bullet_catcher said:If I have understood correctly from the newspapers over here, US citizens have to pay 18% of their income on healthcare insurance if they are not in an occupational welfare scheme (which costs half as much). I suspect that the proportion of income spent on healthcare would drop if a national health service was implemented, even if that meant taking on those currently rejected by the system for being too sick (and stand by to be corrected on this point). The spare money on the consumers' pockets could then be spent in the shops. Speaking from Scotland, that means I can hope for increased exports of whisky to the good old U. S. of A. while people celebrate their de facto pay rise.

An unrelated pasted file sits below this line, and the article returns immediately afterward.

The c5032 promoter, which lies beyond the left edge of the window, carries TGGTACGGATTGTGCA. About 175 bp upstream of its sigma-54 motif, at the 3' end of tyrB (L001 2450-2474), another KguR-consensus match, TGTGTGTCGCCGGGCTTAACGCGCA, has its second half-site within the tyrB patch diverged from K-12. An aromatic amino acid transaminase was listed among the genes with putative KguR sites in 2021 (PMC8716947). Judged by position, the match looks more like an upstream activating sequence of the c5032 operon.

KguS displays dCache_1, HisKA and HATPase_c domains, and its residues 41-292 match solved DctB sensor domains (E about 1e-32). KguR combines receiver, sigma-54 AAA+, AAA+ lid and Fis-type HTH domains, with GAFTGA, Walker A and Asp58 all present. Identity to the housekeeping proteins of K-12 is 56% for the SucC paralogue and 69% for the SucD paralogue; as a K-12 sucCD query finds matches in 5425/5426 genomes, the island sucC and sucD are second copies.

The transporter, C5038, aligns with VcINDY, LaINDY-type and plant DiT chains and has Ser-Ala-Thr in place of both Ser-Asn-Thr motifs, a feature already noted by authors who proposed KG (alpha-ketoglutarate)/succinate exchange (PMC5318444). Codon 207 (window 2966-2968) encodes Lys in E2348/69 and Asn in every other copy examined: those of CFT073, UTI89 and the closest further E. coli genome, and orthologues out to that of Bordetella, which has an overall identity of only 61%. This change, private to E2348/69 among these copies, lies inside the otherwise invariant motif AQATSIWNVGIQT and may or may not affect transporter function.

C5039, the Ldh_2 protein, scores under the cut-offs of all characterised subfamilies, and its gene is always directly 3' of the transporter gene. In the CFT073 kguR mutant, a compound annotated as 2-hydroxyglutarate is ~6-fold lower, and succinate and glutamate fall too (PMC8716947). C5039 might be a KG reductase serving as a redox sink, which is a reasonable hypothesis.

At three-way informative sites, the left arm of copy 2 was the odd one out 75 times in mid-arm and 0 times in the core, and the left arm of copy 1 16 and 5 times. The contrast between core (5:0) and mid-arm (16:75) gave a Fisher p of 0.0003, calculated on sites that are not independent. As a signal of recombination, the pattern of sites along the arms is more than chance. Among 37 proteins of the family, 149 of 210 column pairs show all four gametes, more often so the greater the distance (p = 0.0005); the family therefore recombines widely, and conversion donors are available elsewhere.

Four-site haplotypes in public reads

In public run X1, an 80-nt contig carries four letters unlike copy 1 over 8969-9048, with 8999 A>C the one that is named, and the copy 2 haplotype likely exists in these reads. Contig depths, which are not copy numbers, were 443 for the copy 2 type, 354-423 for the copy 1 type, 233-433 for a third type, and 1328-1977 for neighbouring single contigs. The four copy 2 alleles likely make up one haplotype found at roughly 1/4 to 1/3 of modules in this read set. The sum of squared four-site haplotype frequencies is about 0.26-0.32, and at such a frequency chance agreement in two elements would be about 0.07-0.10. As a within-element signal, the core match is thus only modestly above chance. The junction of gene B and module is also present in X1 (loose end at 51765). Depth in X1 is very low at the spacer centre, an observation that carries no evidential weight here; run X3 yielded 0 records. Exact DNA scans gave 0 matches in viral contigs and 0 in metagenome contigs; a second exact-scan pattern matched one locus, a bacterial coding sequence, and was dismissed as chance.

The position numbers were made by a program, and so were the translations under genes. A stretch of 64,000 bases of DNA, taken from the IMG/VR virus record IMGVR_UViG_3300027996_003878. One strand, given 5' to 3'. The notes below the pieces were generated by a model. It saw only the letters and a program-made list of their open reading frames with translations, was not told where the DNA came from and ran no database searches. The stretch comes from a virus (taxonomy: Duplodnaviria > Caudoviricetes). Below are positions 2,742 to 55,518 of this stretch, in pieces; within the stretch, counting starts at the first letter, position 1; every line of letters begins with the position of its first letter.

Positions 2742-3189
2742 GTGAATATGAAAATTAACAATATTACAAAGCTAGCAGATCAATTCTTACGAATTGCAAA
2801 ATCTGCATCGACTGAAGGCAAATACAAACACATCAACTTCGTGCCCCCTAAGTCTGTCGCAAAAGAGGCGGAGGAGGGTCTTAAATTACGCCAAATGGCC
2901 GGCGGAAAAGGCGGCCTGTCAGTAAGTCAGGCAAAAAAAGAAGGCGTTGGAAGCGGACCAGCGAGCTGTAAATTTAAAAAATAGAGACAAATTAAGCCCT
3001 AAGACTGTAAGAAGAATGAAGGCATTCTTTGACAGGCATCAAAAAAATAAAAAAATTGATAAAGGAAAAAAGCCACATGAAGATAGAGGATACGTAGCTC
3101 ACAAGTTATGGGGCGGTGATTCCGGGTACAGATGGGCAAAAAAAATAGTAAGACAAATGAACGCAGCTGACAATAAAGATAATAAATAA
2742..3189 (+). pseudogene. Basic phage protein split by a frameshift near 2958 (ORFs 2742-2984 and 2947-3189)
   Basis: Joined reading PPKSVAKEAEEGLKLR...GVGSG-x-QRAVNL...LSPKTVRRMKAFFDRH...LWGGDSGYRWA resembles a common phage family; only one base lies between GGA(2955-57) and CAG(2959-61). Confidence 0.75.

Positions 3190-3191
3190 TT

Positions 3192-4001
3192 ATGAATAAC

Apparently a false assumption according to many "experts" who have analyzed it, including even Congress' own nonpartisan bean counters the CBO. Much of the problem is a perfectly reasonable skepticism of many of us who have seen our federal government in action with even much less ambitious social programs that are horrifically bloated, corrupt and spectacularly inefficient.